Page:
Evaluating the legacy of landscape history: extinction debt and species credit in bird and small mammal assemblages in the Brazilian Atlantic Forest.

Published online
19 Dec 2012
Content type
Journal article
Journal title
Journal of Applied Ecology

Lira, P. K. & Ewers, R. M. & Banks-Leite, C. & Pardini, R. & Metzger, J. P.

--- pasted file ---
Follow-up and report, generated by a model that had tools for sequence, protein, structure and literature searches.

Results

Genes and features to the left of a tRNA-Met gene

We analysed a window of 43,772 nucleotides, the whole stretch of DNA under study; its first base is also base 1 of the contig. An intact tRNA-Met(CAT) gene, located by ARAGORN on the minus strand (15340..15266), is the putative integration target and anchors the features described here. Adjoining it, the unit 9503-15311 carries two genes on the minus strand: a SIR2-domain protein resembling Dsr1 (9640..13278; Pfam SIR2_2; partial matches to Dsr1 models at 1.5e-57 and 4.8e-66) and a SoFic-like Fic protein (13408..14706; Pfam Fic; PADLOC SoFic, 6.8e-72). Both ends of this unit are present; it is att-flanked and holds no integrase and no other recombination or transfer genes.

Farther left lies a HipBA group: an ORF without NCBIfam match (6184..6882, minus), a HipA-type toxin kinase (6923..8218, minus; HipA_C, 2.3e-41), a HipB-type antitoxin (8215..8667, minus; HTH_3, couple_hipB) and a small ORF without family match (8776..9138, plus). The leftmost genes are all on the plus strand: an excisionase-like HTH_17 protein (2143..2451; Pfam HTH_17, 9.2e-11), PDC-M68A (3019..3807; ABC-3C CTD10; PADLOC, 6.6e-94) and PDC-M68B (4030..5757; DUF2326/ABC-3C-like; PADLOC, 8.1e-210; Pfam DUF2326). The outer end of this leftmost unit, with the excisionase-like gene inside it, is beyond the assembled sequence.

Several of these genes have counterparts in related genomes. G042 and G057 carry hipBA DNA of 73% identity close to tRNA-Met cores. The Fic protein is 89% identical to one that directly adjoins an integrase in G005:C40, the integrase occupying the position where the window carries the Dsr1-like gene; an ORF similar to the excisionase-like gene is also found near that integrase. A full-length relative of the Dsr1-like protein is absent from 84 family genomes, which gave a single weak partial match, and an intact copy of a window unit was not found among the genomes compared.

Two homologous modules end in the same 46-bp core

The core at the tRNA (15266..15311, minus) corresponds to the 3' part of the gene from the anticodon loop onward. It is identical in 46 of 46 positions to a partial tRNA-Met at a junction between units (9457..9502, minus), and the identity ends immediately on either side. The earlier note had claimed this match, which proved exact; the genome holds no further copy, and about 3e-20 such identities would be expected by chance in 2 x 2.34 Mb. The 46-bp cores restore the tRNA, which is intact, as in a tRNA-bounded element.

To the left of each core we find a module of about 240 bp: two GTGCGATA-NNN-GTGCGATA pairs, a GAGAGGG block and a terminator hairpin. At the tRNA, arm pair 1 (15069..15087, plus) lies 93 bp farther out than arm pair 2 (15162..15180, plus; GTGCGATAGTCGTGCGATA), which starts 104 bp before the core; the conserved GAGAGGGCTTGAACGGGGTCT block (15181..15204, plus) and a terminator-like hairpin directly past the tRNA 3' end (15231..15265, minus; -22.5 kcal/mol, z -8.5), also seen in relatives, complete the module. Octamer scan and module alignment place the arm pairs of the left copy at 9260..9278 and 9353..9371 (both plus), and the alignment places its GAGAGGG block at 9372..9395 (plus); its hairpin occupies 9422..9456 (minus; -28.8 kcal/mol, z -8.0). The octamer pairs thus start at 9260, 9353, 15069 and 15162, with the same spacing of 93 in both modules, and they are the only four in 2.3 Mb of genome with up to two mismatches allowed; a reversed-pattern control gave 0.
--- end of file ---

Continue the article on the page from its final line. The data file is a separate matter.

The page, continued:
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There is now an extensive literature on extinction debt following deforestation. However, the potential for species credit in landscapes that have experienced a change from decreasing to expanding forest cover has received little attention. Both delayed responses should depend on current landscape forest cover and on species life-history traits, such as longevity, as short-lived species are likely to respond faster than long-lived species. We evaluated the effects of historical and present-day local forest cover on two vertebrate groups with different longevities - understorey birds and non-flying small mammals - in forest patches at three Atlantic Forest landscapes. Our work investigated how the probability of extinction debt and species credit varies (i) amongst landscapes with different proportions of forest cover and distinct trajectories of forest cover change, and (ii) between taxa with different life spans. Our results suggest that the existence of extinction debt and species credit, as well as the potential for their future payment and/or receipt, is not only related to forest cover trajectory but also to the amount of remaining forest cover at the landscape scale. Moreover, differences in bird and small mammal life spans seem to be insufficient to affect differently their probability of showing time-delayed responses to landscape change. Synthesis and applications. Our work highlights the need for considering not only the trajectory of deforestation/regeneration but also the amount of forest cover at landscape scale when investigating time-delayed responses to landscape change. As many landscapes are experiencing a change from decreasing to expanding forest cover, understanding the association of extinction and immigration processes, as well as their interactions with the landscape dynamic, is a key factor to plan conservation and restoration actions in human-altered landscapes.

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